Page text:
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In the second week of a civil court trial to determine blame for the Deepwater Horizon disaster, Transocean‘s senior toolpusher Randy Ezell has testified to BP‘s negligence.

On Tuesday, during the trial in a New Orleans federal court, Ezell said before Judge Carl Barbier that he is still haunted by the intensity of the rig explosion, nearly three years later.

According to 57-year old Ezell, on the night of 20 April 2010, while relaxing in his room after a day’s work, a loud explosion knocked him to the floor, left him buried in debris and killed 11 fellow workers.

He also testified that Jason Anderson, who was one of the 11 workers killed on the rig, was a "top-notch" toolpusher, who could have done everything in his control to avert the blowout, reported the Huffington Post.

Reuters has quoted Ezell as saying that there was some misunderstanding of signs of trouble before the blowout, while Transocean colleagues did everything within their authority to control the well. Ezell noted that Anderson and other BP supervisors had misinterpreted the results of a crucial safety test.

"Ezell said before Judge Carl Barbier that he is still haunted by the intensity of the rig explosion."

As part of the testimony, Ezell said that Anderson had told him during a telephone call, less than an hour before the explosion, that it was a "good test" and that there were no indications of trouble for 30 minutes after the test.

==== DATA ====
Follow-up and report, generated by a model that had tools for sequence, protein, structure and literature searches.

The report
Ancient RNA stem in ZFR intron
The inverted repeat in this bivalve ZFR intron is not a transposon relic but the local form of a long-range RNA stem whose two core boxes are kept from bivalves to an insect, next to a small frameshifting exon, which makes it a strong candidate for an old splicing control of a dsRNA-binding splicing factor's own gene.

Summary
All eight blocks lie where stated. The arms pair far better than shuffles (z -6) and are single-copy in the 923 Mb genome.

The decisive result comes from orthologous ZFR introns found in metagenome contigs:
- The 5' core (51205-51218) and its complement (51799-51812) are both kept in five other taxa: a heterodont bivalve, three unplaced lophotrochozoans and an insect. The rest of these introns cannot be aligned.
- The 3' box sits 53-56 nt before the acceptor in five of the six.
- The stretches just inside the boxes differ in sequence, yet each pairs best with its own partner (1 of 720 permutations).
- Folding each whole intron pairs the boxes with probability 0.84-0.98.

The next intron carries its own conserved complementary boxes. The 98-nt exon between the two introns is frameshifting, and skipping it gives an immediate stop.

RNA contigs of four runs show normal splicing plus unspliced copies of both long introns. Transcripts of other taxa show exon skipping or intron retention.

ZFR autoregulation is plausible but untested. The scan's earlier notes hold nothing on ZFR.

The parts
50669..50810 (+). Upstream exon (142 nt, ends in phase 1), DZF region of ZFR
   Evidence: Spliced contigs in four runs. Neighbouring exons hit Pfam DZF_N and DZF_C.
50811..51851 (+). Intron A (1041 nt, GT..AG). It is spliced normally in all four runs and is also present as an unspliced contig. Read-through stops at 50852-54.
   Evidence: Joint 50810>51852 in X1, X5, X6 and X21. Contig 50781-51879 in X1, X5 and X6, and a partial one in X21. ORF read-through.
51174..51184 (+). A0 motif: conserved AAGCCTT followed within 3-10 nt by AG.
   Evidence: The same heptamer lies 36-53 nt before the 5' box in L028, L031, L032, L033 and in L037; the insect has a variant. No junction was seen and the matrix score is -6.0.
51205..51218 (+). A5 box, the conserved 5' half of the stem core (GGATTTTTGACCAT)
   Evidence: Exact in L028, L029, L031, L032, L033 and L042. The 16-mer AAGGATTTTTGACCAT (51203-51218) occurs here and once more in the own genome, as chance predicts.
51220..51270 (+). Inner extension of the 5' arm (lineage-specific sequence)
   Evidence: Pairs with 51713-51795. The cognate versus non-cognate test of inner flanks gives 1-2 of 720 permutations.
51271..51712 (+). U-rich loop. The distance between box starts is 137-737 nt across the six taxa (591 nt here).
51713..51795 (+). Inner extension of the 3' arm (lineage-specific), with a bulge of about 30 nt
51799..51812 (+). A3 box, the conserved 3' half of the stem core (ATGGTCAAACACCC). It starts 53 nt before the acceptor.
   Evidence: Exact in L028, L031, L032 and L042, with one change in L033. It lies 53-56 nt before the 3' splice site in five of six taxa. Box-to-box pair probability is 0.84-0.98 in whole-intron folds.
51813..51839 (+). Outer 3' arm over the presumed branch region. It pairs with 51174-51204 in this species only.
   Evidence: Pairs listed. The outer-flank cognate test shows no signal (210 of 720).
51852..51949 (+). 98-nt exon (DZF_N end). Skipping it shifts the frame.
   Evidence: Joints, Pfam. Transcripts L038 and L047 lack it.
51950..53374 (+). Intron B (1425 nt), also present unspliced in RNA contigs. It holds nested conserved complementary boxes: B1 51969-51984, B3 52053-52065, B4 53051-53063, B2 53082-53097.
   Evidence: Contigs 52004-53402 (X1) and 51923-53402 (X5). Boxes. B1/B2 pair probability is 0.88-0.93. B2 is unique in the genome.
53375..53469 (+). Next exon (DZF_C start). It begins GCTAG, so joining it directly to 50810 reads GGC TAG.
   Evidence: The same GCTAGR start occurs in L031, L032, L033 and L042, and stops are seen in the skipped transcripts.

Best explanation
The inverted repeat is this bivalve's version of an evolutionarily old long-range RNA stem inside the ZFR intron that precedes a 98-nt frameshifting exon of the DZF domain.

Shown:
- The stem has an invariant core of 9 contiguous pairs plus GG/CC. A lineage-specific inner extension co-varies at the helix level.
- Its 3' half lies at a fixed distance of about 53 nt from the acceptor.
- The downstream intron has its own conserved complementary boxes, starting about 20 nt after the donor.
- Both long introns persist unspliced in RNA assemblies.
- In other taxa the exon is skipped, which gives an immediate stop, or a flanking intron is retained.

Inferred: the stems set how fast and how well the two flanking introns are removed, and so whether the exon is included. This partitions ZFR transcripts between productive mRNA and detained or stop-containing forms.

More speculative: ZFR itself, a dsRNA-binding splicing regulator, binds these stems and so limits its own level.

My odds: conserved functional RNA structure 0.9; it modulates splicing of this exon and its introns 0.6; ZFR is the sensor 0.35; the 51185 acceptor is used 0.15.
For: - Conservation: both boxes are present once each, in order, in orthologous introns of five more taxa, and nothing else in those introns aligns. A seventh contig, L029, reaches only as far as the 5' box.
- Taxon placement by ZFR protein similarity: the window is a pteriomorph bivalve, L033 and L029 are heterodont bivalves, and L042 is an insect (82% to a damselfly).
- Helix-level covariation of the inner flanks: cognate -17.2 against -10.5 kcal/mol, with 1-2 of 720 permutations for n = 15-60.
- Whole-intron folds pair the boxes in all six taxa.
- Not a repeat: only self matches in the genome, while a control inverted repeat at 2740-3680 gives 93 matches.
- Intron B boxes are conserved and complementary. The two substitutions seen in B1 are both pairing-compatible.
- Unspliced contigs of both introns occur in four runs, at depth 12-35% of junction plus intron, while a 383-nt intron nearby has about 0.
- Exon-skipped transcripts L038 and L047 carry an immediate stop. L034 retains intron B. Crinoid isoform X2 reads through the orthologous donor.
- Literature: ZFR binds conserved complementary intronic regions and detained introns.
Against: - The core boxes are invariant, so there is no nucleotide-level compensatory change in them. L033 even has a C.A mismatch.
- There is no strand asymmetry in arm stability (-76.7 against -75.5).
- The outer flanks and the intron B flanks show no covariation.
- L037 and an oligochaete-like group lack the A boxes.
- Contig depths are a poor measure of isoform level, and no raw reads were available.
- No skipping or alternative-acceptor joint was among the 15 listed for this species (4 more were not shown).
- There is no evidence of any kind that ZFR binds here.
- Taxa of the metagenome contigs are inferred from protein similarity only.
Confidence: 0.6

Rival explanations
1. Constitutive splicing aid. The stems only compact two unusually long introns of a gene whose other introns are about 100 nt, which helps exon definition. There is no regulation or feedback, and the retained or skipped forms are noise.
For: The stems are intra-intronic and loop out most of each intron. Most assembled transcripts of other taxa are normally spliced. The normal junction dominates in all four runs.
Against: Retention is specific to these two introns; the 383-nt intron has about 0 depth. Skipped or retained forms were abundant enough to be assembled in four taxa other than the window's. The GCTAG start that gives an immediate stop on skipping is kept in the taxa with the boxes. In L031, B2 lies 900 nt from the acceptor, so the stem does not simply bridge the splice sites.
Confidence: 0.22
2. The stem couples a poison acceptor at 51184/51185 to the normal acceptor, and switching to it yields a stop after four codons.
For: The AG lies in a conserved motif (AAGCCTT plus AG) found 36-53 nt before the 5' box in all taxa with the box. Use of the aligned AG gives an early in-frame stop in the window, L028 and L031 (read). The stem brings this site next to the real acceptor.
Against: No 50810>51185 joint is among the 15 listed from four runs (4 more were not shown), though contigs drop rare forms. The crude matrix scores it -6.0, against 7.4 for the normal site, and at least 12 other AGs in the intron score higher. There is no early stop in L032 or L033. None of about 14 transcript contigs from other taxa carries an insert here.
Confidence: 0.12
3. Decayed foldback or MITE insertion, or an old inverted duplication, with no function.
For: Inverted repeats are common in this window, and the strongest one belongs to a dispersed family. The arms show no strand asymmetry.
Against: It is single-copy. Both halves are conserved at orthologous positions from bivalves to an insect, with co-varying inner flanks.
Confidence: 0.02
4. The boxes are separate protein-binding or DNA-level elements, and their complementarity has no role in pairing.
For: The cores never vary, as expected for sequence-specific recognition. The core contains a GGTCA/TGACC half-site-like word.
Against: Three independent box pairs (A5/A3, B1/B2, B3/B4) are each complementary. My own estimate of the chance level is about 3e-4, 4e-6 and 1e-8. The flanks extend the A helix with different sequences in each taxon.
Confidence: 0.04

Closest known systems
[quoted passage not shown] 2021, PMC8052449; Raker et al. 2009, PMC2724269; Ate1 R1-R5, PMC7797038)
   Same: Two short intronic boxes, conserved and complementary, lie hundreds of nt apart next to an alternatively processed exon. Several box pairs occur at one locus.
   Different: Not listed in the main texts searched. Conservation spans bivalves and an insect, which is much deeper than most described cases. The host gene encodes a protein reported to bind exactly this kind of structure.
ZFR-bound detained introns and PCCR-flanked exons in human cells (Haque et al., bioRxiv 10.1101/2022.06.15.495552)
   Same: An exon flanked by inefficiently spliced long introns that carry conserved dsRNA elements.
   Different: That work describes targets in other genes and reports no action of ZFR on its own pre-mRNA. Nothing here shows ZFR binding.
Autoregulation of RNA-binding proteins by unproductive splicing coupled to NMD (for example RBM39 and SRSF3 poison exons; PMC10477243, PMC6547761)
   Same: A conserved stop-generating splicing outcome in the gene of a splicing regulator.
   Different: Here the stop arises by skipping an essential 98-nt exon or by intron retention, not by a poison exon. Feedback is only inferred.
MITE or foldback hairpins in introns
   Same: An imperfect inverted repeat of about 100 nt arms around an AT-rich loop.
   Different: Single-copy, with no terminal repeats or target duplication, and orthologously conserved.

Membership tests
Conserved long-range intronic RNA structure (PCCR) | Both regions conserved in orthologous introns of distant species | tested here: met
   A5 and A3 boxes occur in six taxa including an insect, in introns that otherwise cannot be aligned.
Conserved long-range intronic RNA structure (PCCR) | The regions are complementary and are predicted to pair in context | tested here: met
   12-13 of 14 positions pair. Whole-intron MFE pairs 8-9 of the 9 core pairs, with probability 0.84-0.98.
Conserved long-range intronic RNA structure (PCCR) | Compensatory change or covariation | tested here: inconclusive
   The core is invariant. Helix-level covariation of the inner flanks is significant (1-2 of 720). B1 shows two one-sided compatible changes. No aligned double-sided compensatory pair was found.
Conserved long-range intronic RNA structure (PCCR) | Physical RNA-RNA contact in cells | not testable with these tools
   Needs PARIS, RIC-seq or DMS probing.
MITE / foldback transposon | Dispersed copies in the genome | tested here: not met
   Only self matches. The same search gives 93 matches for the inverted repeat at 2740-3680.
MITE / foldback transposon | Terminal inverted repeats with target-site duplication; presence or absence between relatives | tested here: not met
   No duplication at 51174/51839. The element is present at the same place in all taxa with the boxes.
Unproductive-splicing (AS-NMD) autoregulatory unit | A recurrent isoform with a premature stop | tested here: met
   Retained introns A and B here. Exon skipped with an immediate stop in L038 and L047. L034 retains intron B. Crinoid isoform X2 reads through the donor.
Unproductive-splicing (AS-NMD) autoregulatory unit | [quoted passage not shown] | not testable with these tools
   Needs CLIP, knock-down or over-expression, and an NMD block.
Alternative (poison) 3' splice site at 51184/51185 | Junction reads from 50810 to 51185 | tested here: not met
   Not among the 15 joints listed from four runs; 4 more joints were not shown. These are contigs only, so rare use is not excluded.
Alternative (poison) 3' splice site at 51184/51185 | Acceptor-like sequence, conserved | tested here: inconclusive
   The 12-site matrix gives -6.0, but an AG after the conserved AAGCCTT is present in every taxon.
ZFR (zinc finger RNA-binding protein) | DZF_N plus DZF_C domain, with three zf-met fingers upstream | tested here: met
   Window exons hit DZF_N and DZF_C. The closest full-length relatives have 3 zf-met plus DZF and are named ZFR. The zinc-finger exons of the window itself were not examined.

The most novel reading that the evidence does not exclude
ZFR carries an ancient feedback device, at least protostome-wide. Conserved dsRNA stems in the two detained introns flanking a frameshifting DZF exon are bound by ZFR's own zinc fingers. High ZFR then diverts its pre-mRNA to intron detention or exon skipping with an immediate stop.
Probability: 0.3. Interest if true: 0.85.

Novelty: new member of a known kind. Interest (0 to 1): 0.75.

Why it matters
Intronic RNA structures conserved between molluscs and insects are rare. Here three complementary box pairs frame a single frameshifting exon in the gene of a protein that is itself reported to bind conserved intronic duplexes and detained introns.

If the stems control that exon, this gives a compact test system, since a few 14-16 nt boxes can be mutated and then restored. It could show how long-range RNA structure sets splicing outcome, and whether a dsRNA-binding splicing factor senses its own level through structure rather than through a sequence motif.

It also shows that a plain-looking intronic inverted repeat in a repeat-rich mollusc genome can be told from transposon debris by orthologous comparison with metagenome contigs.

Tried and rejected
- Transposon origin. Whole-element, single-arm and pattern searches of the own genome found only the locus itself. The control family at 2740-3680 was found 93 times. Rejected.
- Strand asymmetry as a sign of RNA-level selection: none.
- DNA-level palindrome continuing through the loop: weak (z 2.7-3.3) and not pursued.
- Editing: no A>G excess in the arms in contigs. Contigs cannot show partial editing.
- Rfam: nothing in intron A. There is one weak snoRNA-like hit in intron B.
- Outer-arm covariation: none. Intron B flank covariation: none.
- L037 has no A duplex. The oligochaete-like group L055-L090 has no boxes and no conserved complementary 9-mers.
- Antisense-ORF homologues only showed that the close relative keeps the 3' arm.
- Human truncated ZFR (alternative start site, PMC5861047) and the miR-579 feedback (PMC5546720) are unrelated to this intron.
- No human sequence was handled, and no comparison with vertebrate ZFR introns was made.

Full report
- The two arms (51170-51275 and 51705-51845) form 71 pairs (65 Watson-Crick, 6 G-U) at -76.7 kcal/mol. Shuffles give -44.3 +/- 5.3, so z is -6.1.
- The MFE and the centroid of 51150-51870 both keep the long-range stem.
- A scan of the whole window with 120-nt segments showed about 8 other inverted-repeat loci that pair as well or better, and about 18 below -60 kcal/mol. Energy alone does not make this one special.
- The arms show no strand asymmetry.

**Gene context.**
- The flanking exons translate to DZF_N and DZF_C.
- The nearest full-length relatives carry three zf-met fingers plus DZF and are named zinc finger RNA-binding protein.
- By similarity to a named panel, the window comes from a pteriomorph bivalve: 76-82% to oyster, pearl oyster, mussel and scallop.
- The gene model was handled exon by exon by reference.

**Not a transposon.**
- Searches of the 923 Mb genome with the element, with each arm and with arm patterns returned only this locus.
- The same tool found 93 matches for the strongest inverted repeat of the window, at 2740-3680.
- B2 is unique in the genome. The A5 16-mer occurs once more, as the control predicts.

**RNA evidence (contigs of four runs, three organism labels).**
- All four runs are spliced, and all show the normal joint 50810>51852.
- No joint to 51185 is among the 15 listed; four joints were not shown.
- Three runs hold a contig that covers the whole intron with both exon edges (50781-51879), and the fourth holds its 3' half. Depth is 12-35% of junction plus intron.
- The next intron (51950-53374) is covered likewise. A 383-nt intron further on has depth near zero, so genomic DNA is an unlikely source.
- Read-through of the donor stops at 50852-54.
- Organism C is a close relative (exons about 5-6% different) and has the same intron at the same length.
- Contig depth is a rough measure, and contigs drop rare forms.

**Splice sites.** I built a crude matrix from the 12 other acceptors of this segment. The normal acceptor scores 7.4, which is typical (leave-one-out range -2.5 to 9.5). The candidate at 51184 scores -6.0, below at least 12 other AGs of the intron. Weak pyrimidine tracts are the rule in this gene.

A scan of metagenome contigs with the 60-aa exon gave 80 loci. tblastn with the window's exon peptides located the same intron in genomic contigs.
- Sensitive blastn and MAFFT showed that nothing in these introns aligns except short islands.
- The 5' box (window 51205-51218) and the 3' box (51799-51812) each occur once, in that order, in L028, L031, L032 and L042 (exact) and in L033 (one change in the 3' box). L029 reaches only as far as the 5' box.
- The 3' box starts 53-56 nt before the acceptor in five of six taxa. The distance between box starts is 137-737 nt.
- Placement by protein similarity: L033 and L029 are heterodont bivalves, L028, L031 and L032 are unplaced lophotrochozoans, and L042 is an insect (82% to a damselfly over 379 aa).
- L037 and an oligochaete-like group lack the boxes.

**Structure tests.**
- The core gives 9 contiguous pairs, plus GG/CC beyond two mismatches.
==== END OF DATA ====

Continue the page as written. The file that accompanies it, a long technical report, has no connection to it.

During the hearing, plaintiffs’ attorney Paul Sterbcow, who was questioning Ezell, said well data showed the first indication of a problem could have been identified at least 20 minutes before that call.

Ezell also said BP’s well site leaders on the rig were responsible for deciding how the tests were performed and interpreting the results.

In 2012, Donald Vidrine and Robert Kaluza, who were BP’s well site leaders on the rig, were indicted on manslaughter charges and are expecting a separate trial.

BP has accepted the company’s role in the accident, but said Transcoean and well cementing provider Halliburton should also share the blame.

The company has to prove that its errors do not meet the legal definition of gross negligence required for the highest amount of damages. At the end of the trial, if Barbier determines BP or the other defendants were grossly negligent, it could stretch liabilities into tens of billions of dollars.


Image: Ezell said Anderson and BP supervisors had misinterpreted the results of a crucial safety test. Photo courtesy of Marine Photobank.

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